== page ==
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Da'at Tevunot - The Knowing Heart

Section 3, Chapter 17


Adam’s physical being also suffered and diminished dramatically when he sinned [1]. Where he’d been angelic when created (Genesis Rabbah 21), beautiful, and radiant (Babba Battra 58a); where his skin had been more like a shining suit than flesh (Targum Yerushalmi Genesis 3:7); and where he was fully developed and as if 20 years old upon creation (Genesis Rabbah 14:7) -– that all evaporated when he did wrong. The same is true of us too when we’re wrongful and unjust: we also suffer and are trivialized.

In any event, the harm done to him when he went wrong only affected his body and person; nothing of his soul was tainted. And the same is true of us, as well.


It is important to recall, though, that our ability to harm ourselves by doing wrongful things had been in place from the first, when wrong was made possible as we’d explained [2].

For while G-d had certainly created the sort of m that would have allowed for mankind to achieve its full potential for perfection and excellence, He nonetheless lessened those means to the degree that enables us to diminish our stature, so that we would be able to elevate ourselves on our own as much as possible. (And that’s so because once the possibility to be perfect was held back from man and he nonetheless achieves that, he’d prove to be even greater and nobler than he would have been had he not been faced with and overcome that resistance.


We’ll now go back to explain a point we made earlier on [3] to the effect that while G-d will eventually undo all wrong and injustice, still and all nothing good, right, holy or just will ever be undone. We’ll expand on that, as well as on what will bring about the undoing of wrong and injustice. But that will call for a lot of profound analyses, to be sure.


[1] See R’ Goldblatt’s Kabbalistic insights into this chapter in note 56 of his edition.

This chapter will refer to a lot of what had been said before, so we’ll need to backtrack here in our notes. Here’s the first instance of it. We referred to the “physical, financial, or social harm” that comes upon us when we do harm (see note 1 to 3:13). This paragraph will concentrate on the physical harm done to Adam’s being when his body descended from an angelic, near-perfect physical form to one like ours. It’s easy enough, though, to infer the sorts of financial or social damage done to us when we do wrong by seeing examples of it each and every day.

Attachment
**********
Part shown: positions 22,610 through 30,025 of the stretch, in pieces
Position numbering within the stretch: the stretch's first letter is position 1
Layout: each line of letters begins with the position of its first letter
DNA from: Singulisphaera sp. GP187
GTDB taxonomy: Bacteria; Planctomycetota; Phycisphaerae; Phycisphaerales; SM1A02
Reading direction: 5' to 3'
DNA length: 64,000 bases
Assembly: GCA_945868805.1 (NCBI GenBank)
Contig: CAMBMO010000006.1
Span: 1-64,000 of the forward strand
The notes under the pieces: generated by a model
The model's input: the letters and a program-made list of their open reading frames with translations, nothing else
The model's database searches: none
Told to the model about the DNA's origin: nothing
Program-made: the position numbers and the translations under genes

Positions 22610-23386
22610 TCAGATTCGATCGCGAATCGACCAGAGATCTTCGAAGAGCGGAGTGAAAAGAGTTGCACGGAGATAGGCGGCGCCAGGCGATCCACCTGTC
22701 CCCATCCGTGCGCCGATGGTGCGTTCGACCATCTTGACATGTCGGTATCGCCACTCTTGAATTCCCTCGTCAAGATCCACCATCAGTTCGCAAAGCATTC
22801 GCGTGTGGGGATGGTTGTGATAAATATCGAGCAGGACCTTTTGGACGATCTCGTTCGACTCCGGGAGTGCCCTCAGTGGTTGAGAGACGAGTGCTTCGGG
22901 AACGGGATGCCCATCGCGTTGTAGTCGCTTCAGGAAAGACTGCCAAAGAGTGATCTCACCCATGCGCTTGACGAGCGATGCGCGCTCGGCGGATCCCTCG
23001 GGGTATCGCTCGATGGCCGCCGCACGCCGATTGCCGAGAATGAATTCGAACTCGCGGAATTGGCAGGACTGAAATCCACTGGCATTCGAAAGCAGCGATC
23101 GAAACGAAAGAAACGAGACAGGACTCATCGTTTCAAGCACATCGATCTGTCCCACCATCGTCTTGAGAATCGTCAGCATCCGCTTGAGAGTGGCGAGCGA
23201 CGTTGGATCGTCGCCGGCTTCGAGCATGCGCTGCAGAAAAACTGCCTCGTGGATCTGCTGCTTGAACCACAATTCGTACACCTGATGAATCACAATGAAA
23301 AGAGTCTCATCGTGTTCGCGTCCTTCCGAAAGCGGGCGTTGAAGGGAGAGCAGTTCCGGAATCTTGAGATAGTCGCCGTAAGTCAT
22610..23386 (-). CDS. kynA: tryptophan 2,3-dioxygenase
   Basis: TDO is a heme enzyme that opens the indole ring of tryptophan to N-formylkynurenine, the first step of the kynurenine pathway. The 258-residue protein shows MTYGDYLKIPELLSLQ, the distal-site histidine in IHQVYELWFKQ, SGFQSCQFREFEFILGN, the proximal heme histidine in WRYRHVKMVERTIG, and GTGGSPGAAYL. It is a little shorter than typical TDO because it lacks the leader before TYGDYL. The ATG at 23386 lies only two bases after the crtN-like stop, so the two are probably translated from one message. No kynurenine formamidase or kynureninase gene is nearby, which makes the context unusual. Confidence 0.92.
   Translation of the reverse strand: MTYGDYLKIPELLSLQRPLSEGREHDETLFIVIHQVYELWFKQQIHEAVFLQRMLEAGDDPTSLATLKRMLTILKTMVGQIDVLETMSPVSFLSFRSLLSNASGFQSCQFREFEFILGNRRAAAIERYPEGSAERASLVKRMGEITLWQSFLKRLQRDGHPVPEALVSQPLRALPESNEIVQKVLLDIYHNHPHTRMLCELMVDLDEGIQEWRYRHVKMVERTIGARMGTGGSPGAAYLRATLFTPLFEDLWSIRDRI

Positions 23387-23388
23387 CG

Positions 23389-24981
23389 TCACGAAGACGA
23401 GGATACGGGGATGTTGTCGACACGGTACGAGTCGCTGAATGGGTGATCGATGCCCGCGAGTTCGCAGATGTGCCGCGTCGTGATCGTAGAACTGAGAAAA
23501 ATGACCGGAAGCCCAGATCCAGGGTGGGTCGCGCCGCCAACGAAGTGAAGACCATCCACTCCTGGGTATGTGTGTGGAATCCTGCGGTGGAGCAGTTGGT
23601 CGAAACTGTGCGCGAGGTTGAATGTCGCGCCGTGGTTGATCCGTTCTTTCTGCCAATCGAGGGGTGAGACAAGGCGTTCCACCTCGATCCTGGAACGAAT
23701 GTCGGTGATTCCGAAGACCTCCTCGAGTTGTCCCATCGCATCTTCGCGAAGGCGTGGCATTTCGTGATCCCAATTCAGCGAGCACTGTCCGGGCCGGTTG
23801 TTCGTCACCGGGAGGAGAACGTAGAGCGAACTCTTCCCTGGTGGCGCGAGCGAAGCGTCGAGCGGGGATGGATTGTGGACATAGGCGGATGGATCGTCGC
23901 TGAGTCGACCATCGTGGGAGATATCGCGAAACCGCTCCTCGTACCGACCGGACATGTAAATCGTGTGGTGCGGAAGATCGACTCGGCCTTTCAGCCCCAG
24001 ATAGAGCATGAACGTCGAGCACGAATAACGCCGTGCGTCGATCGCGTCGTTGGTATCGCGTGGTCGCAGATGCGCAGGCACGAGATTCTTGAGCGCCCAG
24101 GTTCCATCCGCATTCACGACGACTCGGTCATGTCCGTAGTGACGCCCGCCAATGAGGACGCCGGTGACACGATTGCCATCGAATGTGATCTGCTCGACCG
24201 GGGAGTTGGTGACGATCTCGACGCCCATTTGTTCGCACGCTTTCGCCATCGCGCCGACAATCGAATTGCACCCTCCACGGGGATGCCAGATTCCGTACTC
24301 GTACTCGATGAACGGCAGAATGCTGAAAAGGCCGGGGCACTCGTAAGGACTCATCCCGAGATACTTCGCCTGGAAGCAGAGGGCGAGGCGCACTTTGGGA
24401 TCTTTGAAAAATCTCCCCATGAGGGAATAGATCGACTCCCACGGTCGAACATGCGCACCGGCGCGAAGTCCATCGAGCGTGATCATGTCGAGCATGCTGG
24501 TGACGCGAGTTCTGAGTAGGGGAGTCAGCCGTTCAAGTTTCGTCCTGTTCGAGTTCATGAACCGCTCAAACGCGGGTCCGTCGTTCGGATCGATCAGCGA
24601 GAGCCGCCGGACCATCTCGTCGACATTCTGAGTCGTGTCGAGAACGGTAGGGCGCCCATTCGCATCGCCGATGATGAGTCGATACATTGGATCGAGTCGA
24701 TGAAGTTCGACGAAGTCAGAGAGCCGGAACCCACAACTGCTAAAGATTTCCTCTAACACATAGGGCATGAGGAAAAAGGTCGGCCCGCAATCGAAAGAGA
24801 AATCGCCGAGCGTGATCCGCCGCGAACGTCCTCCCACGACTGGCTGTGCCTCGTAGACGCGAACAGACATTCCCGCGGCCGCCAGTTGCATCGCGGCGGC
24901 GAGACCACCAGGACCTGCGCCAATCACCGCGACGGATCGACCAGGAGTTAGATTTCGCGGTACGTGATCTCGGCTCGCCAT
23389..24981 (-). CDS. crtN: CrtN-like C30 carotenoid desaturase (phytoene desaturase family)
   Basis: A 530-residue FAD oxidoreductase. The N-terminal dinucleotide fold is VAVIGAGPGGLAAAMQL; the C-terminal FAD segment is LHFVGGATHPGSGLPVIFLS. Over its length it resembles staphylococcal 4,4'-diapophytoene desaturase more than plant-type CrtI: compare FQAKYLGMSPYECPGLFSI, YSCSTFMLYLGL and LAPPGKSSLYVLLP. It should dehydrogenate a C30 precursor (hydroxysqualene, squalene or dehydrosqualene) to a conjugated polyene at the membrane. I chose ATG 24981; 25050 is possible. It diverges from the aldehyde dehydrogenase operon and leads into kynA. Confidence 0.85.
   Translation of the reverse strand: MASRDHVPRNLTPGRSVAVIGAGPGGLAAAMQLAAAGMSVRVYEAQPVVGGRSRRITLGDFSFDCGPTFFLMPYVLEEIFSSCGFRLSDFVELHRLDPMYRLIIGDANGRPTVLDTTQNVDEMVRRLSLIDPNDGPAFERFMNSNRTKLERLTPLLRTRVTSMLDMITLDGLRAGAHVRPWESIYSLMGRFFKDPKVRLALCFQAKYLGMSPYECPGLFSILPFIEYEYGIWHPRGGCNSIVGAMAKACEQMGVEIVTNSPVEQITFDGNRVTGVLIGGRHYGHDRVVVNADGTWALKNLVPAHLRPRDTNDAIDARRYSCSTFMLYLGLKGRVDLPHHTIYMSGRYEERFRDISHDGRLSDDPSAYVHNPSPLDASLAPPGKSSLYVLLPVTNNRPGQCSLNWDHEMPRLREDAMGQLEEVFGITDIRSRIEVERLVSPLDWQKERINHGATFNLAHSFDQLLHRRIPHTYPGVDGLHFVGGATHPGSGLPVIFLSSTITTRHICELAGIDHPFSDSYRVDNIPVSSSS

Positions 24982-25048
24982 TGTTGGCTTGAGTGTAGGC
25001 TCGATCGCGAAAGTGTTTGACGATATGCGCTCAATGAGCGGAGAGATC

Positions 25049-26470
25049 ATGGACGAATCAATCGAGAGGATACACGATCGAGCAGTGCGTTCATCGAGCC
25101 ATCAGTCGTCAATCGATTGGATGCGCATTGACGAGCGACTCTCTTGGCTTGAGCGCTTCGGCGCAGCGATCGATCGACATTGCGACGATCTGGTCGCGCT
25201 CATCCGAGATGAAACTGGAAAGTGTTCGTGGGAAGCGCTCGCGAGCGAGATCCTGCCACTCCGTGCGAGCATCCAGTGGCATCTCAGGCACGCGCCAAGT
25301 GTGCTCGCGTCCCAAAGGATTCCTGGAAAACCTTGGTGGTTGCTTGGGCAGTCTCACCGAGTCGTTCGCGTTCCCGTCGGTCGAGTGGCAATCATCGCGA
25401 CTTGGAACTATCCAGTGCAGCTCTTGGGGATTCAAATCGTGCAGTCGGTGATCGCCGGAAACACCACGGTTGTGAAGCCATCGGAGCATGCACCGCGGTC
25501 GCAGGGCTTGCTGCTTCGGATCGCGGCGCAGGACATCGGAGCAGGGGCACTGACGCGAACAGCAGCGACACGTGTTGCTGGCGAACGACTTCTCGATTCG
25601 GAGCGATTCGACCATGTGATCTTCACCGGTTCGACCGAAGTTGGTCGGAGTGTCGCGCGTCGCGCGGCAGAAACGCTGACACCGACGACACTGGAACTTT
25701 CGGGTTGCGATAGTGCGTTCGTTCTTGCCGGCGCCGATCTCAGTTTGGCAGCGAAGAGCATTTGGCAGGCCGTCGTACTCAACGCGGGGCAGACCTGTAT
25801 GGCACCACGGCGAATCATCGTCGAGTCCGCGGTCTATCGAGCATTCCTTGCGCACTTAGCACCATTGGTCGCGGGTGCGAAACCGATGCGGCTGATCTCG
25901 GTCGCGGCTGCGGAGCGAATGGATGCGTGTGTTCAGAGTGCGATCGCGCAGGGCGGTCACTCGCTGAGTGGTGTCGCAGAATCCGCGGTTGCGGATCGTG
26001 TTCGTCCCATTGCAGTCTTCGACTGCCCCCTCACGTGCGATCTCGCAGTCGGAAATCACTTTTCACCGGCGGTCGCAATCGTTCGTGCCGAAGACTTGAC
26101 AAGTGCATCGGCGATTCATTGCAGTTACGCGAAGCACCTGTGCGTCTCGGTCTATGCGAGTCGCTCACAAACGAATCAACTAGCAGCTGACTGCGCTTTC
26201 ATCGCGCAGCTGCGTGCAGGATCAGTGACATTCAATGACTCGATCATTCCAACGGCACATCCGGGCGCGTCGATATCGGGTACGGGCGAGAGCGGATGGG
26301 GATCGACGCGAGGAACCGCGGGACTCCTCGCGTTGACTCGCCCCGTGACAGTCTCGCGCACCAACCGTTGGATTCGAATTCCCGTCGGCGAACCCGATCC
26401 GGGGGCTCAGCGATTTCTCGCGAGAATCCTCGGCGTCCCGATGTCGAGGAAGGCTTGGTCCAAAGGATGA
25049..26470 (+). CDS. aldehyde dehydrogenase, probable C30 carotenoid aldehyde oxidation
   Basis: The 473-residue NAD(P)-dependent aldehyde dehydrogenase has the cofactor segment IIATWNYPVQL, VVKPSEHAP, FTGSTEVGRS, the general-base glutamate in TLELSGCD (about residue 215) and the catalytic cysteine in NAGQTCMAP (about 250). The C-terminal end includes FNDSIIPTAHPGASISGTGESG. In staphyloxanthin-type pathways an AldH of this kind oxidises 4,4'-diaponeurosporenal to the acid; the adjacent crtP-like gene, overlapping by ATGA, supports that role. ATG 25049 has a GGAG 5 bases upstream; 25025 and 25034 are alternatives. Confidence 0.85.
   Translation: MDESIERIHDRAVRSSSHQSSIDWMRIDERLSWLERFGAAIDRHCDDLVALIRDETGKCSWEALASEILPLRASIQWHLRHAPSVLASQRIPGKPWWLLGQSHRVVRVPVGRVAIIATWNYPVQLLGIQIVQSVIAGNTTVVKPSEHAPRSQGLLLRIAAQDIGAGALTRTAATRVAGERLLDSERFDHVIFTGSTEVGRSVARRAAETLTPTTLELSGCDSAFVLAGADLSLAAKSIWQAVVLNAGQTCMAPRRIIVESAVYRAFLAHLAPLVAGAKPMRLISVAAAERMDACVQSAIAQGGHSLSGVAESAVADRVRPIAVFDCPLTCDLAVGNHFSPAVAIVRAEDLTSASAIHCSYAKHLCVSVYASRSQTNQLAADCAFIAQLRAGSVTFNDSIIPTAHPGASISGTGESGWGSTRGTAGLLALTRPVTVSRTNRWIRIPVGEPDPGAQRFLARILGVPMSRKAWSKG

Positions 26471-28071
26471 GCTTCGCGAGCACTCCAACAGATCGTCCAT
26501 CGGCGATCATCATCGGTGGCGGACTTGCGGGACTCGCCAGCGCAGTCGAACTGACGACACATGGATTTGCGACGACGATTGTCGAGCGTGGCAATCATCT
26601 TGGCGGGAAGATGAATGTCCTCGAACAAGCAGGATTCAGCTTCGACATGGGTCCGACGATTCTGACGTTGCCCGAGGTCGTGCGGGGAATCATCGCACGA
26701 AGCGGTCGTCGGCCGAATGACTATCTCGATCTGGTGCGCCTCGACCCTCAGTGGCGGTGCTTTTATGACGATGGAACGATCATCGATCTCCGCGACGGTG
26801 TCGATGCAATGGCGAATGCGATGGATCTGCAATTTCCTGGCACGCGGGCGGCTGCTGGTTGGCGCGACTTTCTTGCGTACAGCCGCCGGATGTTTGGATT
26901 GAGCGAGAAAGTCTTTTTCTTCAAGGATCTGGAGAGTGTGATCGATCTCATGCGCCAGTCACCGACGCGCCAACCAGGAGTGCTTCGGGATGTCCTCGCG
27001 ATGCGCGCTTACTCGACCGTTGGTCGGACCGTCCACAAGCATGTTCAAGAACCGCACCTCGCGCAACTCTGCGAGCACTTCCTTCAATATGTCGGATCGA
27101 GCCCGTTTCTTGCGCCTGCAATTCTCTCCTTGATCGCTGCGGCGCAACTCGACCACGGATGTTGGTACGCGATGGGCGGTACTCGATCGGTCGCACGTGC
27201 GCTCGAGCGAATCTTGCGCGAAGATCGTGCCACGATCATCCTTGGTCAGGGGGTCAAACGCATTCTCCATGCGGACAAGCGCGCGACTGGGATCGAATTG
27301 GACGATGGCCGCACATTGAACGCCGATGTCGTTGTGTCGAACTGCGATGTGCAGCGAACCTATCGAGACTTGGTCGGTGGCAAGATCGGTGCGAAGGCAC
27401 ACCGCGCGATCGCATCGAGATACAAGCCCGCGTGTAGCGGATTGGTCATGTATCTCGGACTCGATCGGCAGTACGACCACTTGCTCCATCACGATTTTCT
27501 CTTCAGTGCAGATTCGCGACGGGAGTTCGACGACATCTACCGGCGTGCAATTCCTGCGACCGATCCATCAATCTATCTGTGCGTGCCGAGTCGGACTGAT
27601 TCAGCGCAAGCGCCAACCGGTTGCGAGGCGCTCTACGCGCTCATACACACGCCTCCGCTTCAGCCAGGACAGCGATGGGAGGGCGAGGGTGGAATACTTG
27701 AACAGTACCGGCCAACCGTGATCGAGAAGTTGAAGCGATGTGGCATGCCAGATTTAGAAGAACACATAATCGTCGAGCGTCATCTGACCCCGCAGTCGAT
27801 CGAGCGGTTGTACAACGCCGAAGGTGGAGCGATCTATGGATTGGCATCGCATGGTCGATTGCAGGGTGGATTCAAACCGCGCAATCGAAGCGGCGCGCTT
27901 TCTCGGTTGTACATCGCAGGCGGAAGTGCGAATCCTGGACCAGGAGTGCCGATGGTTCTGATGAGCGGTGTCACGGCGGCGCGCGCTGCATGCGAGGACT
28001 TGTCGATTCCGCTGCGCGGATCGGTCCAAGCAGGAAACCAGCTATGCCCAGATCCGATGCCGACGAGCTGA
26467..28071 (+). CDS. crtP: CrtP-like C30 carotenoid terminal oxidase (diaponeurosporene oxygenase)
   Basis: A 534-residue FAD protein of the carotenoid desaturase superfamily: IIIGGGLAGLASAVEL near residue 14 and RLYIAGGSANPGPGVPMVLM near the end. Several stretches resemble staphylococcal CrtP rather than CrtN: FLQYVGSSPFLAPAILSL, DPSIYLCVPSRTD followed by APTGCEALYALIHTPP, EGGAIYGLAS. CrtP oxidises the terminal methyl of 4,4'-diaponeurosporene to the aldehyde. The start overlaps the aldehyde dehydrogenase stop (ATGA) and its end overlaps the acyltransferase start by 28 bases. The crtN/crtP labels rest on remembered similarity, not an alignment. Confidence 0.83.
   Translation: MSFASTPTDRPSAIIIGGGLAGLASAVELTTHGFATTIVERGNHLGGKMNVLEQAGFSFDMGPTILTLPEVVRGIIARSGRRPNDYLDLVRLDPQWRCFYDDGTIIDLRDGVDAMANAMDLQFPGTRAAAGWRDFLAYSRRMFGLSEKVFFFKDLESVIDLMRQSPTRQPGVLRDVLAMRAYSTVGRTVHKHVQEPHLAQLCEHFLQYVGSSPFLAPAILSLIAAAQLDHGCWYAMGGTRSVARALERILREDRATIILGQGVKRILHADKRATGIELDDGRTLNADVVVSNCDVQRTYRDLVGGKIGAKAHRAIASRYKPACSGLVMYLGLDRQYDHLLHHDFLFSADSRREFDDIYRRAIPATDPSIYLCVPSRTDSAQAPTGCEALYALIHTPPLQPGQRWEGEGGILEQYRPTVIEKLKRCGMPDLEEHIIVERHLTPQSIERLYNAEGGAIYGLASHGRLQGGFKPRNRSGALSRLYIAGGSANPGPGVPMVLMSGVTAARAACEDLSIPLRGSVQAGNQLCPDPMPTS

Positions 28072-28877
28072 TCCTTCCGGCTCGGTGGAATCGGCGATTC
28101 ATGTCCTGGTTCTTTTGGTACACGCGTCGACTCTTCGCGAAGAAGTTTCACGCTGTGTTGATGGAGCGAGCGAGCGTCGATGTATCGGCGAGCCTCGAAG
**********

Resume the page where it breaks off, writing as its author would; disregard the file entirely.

[2] We’d been taught that “each and every thing in the world … only exists, thrives, and acts thanks to wafts of Divine life-energy radiating toward it known as a Divine ‘emanation’” (3:2:1) which is “a phenomenon that (G-d) created to do as He sees fit … (and which) follows the rules that He set for it” (3:2:2).

It was indicated that there are different sorts of emanations: that “acts of true and full goodness, justice, and righteousness are directly and vigorously nourished by G-d’s emanations … ; but when it comes to acts of evil, injustice, and wrongfulness, G-d only enables those sorts of things to come about back-handedly, if you will, reluctantly by reducing His emanations to them to one degree or another … (which) enables them to do what they do but doesn’t … enable them to grow or encourage them in their path” (3:3:2).

In short, when G-d created this universe “which embraces both good and evil He certainly discharged emanations to start it all off. It’s just that some of them were of lower ‘wattage’, if you will; less potent. Those are the sorts of emanations that nourish wrong and injustice …. So while all of reality, humanity, and history is a product of Divine emanations, all instances of goodness are a direct and full product of them, while all instances of wrong and injustice are a product of this novel sort of lesser-emanation” (3:3:3).

[3] See 3:6:1-2.

Rabbi Yaakov Feldman has translated and commented upon "The Gates of Repentance", "The Path of the Just", and "The Duties of the Heart" (Jason Aronson Publishers). His works are available in bookstores and in various locations on the Web.



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